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Phil Schiller tells us some secrets about the first iPad

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<p>Phil Schiller, vice president of marketing at Apple and in the company since the return of Steve Jobs in 1997, has recently given an interview to the New York Times on the occasion of a technological retrospective publication about this decade that is about to end. .</p><div class='code-block code-block-2' style='margin: 8px auto; text-align: center; display: block; clear: both;'>
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It wasn’t just about creating a bigger iPhone

Although we will not deny the initial resemblance between the iPhone and iPad all for its launch in 2010, iPad idea provena more of the idea to create a tablet-shaped Mac, and at a much lower price. According to Phil Schiller in his interview with the NY Times, the company’s tablet idea started from the budget, “It had to be a future computer, below $ 500 that we could be proud of, with the quality and experience we adore. ” It was then that they realized that to reach that price they must take things drastically to what at that time we know as the Macbook, and the first thing was the keyboard and the design with cover.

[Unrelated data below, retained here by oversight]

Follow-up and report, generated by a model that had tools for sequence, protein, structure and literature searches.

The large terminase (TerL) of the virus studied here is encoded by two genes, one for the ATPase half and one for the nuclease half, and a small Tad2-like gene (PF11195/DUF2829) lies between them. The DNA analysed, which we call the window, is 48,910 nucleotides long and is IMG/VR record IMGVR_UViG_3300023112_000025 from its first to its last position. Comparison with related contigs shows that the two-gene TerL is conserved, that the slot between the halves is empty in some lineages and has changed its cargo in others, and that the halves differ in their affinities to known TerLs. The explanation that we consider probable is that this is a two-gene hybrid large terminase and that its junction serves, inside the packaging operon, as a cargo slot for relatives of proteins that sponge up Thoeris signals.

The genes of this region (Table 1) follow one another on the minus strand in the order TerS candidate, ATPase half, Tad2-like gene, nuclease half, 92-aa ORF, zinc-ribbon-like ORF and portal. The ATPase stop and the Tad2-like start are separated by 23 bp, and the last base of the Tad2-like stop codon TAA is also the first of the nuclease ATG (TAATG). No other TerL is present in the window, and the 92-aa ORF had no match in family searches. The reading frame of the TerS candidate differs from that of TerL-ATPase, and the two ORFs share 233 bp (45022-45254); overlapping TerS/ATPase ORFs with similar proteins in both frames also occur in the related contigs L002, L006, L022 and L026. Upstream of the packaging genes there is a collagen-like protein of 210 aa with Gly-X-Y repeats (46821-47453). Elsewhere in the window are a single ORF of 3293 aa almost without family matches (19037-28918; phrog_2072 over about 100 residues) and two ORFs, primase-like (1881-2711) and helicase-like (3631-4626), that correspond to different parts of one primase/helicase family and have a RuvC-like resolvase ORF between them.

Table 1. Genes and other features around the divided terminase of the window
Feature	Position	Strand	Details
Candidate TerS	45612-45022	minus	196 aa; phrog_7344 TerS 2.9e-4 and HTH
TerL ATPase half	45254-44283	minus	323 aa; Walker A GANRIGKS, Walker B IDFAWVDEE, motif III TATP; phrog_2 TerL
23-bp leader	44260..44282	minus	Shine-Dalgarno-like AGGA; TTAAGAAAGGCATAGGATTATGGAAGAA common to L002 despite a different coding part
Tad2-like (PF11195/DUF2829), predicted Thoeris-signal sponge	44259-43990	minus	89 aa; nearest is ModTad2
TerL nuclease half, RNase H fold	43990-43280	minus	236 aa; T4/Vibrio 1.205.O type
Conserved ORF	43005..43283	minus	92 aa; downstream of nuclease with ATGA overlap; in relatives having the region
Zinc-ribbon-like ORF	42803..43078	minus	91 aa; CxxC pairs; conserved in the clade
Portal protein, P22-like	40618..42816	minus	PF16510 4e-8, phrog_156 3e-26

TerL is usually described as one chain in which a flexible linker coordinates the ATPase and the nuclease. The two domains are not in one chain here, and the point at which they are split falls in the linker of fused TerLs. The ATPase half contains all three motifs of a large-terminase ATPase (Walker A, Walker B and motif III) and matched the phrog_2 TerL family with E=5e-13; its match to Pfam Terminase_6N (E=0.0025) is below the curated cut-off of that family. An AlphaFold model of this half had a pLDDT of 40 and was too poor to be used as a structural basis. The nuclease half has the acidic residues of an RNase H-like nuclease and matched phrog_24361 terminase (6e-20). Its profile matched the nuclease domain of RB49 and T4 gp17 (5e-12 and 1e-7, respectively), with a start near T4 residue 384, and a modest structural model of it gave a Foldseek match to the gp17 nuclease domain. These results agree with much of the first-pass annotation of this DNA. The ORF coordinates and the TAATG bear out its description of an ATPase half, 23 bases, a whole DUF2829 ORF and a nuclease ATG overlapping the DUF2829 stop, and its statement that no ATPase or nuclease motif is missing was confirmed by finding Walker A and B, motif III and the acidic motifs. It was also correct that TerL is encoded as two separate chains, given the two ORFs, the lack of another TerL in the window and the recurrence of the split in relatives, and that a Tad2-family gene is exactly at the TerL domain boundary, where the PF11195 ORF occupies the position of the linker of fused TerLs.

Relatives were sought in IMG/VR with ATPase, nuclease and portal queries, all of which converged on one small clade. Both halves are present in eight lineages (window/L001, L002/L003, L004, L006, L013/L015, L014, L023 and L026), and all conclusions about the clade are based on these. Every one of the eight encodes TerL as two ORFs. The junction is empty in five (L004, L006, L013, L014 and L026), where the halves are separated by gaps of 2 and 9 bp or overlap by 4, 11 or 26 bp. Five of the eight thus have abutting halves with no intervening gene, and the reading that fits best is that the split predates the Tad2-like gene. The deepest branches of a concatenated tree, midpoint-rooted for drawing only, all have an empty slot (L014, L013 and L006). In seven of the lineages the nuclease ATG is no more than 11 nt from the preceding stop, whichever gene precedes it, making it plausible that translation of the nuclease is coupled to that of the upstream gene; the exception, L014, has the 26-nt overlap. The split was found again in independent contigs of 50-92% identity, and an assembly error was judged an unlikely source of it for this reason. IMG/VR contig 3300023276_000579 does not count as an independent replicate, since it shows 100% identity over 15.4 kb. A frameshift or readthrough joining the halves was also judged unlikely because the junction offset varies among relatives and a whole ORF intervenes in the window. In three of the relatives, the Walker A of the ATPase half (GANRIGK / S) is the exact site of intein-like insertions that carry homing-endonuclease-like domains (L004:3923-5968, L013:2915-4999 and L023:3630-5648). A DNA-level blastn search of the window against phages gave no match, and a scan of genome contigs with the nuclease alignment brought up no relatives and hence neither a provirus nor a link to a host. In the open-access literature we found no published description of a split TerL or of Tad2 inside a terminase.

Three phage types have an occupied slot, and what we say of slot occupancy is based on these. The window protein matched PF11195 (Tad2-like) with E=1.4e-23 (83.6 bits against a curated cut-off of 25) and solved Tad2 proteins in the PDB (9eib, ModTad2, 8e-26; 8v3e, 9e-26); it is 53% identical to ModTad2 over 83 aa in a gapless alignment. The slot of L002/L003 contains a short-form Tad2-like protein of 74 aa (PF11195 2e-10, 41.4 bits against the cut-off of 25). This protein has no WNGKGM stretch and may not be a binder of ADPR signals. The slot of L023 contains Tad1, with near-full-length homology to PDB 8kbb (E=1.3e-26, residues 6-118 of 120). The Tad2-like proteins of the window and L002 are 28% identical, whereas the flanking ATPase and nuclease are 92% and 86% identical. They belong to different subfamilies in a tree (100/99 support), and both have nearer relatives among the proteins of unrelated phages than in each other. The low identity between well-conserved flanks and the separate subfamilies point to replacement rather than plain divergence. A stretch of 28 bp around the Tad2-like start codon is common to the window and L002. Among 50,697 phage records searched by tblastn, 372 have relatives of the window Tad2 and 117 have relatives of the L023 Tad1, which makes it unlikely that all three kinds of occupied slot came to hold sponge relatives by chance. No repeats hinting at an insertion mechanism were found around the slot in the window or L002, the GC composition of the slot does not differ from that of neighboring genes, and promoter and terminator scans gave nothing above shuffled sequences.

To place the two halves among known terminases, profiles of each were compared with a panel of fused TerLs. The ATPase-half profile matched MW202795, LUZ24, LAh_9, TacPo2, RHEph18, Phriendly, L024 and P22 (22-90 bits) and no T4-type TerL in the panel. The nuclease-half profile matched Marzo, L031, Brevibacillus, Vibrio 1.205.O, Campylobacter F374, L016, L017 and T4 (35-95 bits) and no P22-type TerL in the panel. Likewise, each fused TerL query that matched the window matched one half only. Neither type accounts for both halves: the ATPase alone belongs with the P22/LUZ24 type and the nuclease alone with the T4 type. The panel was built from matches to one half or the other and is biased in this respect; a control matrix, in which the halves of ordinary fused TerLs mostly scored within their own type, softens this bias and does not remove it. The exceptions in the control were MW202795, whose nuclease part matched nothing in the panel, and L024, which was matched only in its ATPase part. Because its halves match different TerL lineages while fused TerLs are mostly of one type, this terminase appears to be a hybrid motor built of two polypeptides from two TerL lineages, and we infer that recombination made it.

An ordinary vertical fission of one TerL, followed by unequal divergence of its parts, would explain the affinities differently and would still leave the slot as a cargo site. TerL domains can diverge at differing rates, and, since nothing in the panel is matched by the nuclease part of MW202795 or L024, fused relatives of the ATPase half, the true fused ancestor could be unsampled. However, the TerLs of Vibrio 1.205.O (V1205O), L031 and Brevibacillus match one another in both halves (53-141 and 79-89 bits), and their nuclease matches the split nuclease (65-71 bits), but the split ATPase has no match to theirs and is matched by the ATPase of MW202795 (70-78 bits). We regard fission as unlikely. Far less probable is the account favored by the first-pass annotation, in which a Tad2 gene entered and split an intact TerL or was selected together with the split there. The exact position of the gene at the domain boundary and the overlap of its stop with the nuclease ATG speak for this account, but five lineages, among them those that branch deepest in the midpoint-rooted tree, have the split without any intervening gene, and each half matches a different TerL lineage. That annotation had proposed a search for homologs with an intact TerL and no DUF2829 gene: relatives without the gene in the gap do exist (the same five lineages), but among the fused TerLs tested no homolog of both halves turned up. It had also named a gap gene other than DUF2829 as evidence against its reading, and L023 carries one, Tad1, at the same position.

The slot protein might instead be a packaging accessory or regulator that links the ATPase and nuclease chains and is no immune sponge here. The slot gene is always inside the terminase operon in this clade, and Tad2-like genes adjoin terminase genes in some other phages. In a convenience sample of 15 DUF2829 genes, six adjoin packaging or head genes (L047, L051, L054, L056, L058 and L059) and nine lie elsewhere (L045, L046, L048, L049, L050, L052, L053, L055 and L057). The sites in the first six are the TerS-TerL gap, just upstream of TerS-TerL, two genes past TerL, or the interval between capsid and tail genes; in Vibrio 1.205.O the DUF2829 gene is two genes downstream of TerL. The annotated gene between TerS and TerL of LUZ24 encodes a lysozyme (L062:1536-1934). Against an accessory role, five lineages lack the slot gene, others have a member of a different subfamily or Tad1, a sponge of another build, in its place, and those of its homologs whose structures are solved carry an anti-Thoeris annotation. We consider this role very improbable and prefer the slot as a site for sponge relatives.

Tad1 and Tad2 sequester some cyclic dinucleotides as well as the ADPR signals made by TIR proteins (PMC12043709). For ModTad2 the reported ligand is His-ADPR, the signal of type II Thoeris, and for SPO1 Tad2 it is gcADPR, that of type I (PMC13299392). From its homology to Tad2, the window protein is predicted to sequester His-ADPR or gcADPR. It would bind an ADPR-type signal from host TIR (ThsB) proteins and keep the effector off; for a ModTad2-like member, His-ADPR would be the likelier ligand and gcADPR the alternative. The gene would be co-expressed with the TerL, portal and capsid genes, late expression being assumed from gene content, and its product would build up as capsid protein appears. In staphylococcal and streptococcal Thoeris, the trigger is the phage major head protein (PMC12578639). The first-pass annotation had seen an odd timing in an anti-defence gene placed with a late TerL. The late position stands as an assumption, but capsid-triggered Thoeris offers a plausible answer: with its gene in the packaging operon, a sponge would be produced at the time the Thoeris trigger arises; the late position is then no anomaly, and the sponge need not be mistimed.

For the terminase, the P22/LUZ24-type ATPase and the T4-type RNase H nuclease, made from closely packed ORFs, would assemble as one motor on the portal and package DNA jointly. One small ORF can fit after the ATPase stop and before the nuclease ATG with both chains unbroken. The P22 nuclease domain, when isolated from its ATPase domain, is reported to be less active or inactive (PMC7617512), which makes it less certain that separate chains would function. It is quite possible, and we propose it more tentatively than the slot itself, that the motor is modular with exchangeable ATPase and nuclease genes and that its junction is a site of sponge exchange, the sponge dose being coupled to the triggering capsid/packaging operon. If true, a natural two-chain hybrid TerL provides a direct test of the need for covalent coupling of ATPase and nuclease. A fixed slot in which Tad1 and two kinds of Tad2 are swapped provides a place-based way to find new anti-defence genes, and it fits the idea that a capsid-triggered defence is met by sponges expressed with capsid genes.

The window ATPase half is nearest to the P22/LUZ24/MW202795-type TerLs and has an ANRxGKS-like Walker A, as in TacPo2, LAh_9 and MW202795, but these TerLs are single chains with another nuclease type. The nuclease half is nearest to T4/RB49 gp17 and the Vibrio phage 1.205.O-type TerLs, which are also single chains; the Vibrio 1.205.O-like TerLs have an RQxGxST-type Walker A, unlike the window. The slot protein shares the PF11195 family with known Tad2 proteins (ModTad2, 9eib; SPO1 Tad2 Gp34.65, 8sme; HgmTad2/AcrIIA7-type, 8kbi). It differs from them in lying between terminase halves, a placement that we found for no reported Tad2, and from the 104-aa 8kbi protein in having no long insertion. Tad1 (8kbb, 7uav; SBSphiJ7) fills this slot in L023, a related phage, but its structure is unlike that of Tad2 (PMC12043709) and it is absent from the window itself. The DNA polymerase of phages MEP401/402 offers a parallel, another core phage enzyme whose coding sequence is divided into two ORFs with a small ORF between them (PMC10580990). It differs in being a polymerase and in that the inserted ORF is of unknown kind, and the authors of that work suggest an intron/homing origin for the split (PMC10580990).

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The multitouch was the next step

The multitouch experience was the next thing they worked on. It was not a novelty of this device, because it was the iPhone who stretched this feature, but I know that help create the user experience expected of the iPad. Speaking of the iPhone, Schiller comments how easy it was to know that he should adopt the iPhone iPad and not, and how this helped what the iPad will eventually be.

A very tight price for what the device offers

The interview also features the participation of Walt Mossberg, a technology columnist for the Wall Street Journal and a close friend of Steve Jobs. He comments how before the official launch Jobs invited him to his house and showed him the device. This urges him to guess what the price of an ace device will be, at which Mossberg targeted $ 999. Jobs tells him that if that was the price he thinks he was going to have, he was going to have a pleasant surprise, but he did not finally tell him how much it would cost.

While Mossberg was thinking of a price of $ 999 for the first iPad, Jobs replied that the price of the iPad was going to be a pleasant surprise.

Since its original release, Apple has diversified its range of tablets to reach all audiences, and the iPad is still the benchmark. Basic models, “Pro” and “Air” to compete in all price ranges while offering that original idea that was born to think about removing the keyboard to a Macbook.